Singapore - Ovum Research reports mobile commerce is expected to generate more than $20 billion in revenue by 2006 and mobile usage to overtake that of personal computers by 2004. With such revenue potential at stake, numerous companies are making a bid at rolling out mobile location services (or LBS) within the next few years or even months.
However, keynote speakers at Mobile Internet Asia 2001 warned of the hype and euphorism built around Location Based Services, advising more caution and prudence with over-committing resources to it.
Mobile Internet Asia 2001 is a strategy-driven event featuring high-level m-commerce case studies from telecom operators, financial institutions, and other mobile companies from Asia. It is organized by Worldwide Business Research and is being held in Singapore this year.
“There are numerous issues facing real-value to subscribers (of LBS) currently in the industry”, said Walid Sinno, director of Business Development (Asia) of Webraska Technologies, a mobile service enabler.
Speaking at one of the conference sessions, Sinno cited the “impossible expectations of Mobile Location Services” built up by subscribers and that there are numerous factors hindering a global LBS rollout.
Device proliferation, the increasing pace and complexity of technology change, and real-time country-specific challenges were some of the issues brought up by Sinno. Widespread uncertainty among telcos surrounding the wireless business models is also a contributing factor to the hype and misconceptions.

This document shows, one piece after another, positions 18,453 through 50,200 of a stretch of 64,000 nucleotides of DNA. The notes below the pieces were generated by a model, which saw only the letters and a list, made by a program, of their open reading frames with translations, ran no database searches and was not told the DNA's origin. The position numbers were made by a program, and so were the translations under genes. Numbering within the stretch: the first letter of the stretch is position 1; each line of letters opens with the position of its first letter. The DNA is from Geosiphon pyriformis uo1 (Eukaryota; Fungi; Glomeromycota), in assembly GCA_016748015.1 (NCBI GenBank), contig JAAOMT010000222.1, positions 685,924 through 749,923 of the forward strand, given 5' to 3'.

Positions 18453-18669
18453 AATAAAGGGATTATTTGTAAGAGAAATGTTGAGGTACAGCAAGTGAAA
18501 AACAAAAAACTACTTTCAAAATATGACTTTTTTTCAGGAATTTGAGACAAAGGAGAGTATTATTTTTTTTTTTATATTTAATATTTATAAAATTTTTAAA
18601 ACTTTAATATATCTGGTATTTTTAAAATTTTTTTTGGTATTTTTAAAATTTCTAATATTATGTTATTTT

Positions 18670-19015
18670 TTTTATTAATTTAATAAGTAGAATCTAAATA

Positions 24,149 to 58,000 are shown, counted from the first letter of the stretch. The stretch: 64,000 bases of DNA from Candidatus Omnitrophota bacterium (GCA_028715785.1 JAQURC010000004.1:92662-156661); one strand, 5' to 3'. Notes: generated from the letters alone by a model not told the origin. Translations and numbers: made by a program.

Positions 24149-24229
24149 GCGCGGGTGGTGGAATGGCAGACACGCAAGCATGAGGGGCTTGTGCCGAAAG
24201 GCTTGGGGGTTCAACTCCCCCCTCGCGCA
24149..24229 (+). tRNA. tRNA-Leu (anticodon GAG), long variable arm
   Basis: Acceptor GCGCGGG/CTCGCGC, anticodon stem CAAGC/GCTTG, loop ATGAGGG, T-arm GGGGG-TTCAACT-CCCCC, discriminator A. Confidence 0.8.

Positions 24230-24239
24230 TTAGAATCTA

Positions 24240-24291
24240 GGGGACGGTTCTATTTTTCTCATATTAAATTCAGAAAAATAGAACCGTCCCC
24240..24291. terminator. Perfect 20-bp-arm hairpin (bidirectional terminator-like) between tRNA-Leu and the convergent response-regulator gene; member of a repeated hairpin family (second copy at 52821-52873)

Adrian Lee, director for product management at Lycos Asia agreed, noting that “a mobile user's position is a constantly changing parameter” which needs to be resolved by a network operator before any LBS venture can succeed.
Services such as safety and emergency services, value added information (such as news, weather & traffic information), billing and location tracking services were the high demand examples used by Lee during his conference session.
However, in order to deliver such services in real-time, telcos need to look to establishing sufficient accuracy and speed, a data tranmission capability, security, roaming ability and other conditions before any benefit can be reaped.
While network operators are still reeling from the backlash of WAP and analysts expressing skepticism for the much-touted GPRS and 3G services, the case of NTT DoCoMo serves as a real-life example of success. Wesbraska Technologies’ Sinno pointed out that its open platform model demonstrates how the wireless Internet should be delivered.
“It is the challenges that create the value opportunities… (and) the winners will be those who address them worldwide”, concluded Sinno.
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